San Francisco Chronicle Late Edition

Bro­ken prom­ises


On pa­per, the U.S. gov­ern­ment’s ap­proach to im­mi­gra­tion hasn’t changed dra­mat­i­cally. The gov­ern­ment started ac­cept­ing H-1B ap­pli­ca­tions for fis­cal year 2019 on Mon­day. Mean­while, de­spite Pres­i­dent Trump’s de­ci­sion in Septem­ber to end the De­ferred Ac­tion for Child­hood Ar­rivals pro­gram, court or­ders have pro­tected the nearly 800,000 “Dream­ers” from mass de­por­ta­tions.

Still, the Trump ad­min­is­tra­tion’s hard-line an­ti­im­mi­gra­tion stance is tak­ing its toll.

Ap­pli­cants for the H-1B visa pro­gram are an­tic­i­pat­ing the hard­est process in many years. That’s af­fected both the ap­pli­cants and the com­pa­nies that em­ploy them.

In­dian con­sult­ing firms, which have been ac­cused of flood­ing the sys­tem with ap­pli­ca­tions, have dra­mat­i­cally re­duced their fil­ings. For­eign na­tion­als are ex­hibit­ing new re­luc­tance to make the jump to a U.S. com­pany.

En­voy Global, a tech­nol­ogy-ori­ented im­mi­gra­tion ser­vices provider, re­ports that 26 per­cent of em­ploy­ers it sur­veyed have had to de­lay projects, and 22 per­cent of them have re­lo­cated work over­seas as a re­sult of the cur­rent un­cer­tain­ties in the U.S. im­mi­gra­tion sys­tem.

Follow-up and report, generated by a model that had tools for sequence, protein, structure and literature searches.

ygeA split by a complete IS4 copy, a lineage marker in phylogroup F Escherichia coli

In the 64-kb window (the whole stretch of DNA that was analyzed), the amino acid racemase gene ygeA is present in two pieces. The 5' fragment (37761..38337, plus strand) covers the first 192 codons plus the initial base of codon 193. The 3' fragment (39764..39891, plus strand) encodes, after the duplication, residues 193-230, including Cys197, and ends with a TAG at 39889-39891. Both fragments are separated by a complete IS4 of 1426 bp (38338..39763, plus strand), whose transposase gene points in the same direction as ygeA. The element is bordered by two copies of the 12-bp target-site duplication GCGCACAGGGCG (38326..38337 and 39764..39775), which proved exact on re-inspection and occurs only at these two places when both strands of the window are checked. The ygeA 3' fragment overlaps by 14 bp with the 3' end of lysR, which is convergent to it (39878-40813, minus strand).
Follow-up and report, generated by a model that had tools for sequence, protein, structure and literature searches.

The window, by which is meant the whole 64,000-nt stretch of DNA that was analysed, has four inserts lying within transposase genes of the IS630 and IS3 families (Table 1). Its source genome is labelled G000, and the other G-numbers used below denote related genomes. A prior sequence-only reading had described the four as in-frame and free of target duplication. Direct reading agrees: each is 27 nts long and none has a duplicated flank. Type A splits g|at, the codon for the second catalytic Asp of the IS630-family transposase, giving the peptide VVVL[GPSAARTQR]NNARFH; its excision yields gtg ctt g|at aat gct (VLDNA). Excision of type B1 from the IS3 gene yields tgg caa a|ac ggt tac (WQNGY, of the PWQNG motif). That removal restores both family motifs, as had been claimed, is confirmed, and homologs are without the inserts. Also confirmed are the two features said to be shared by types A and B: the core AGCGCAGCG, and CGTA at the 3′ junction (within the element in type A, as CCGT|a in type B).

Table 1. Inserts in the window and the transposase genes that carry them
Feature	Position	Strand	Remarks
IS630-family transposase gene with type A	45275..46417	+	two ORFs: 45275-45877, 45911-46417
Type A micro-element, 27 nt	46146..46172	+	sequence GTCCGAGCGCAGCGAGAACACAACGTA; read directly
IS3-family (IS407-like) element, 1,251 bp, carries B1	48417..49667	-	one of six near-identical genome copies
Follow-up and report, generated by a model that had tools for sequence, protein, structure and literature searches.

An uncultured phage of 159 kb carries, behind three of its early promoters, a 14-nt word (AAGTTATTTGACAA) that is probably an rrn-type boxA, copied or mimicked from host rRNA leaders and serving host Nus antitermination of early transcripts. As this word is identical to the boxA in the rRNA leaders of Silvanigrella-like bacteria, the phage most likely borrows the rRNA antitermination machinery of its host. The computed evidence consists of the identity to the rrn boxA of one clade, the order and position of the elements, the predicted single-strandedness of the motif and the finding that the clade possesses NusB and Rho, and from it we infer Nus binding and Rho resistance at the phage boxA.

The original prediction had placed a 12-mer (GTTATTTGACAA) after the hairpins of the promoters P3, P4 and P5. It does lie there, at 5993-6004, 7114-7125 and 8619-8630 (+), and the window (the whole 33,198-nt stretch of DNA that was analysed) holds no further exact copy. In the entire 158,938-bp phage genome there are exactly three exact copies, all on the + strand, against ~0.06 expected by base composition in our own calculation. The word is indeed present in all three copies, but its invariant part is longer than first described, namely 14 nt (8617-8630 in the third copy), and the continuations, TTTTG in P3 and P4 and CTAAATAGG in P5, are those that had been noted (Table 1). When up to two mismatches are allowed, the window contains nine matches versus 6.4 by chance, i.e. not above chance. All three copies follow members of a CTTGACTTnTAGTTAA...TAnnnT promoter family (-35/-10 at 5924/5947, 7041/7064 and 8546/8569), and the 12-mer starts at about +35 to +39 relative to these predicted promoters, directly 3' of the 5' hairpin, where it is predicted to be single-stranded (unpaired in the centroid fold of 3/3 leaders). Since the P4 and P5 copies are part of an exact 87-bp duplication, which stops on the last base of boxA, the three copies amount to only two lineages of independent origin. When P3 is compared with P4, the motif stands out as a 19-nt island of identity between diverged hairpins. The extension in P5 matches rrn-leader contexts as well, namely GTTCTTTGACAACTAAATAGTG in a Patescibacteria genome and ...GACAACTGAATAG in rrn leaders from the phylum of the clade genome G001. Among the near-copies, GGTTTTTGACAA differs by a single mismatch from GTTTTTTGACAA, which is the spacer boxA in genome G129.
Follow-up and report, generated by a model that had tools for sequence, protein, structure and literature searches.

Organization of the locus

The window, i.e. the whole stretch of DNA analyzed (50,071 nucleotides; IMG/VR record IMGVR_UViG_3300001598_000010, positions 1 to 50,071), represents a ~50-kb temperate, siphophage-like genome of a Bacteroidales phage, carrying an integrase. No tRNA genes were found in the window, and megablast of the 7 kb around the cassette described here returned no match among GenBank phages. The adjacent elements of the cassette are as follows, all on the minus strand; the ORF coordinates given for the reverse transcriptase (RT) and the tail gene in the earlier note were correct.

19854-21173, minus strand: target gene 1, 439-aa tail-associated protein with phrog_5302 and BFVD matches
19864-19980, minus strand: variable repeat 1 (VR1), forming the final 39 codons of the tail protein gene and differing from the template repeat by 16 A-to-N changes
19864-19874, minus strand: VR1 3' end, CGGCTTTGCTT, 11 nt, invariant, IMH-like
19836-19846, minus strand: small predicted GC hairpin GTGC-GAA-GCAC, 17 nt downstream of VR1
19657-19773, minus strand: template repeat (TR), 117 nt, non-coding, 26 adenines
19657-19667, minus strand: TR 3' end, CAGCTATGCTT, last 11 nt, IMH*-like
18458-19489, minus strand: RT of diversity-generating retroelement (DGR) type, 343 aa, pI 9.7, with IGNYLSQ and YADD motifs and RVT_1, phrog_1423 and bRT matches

These same em­ploy­ers don’t seem to be in­ter­ested in fill­ing their work­place gaps with U.S.-born work­ers, either — 53 per­cent said they ex­pected to some­how in­crease their for­eign­born head count.

Study af­ter study has shown that for­eign-born work­ers are good for the U.S. economy and good for U.S.-born work­ers. When com­pa­nies are al­lowed to hire the work­ers with the best skills for the job — re­gard­less of where those work­ers hap­pen to have been born — their in­creased com­pet­i­tive­ness boosts all the in­dus­tries around them.

Sim­i­larly, it’s hard to find a sin­gle eco­nomic ex­pert who would rec­om­mend de­port­ing the Dream­ers.

The idea of de­port­ing hun­dreds of thou­sands of young im­mi­grants who were brought to the U.S. as chil­dren — young peo­ple who speak English, went to U.S. schools and are cur­rently en­ter­ing their prime work­ing years — isn’t just morally bank­rupt, it’s eco­nom­i­cally non­sen­si­cal. A ma­jor­ity of Amer­i­cans con­tinue to op­pose end­ing the pro­gram, and to blame the Trump ad­min­is­tra­tion for do­ing so.

Yet Congress still re­fuses to pass a bill to pro­tect the young im­mi­grants. Trump still of­fers lit­tle lead­er­ship and much mis­in­for­ma­tion about the pro­gram, re­cently tweet­ing, falsely, that “big flows of peo­ple” were try­ing to take ad­van­tage of it.

The U.S. has had a bro­ken im­mi­gra­tion sys­tem for decades. By the sounds of what we’re hear­ing from Wash­ing­ton, we’re a long way from re­pair.

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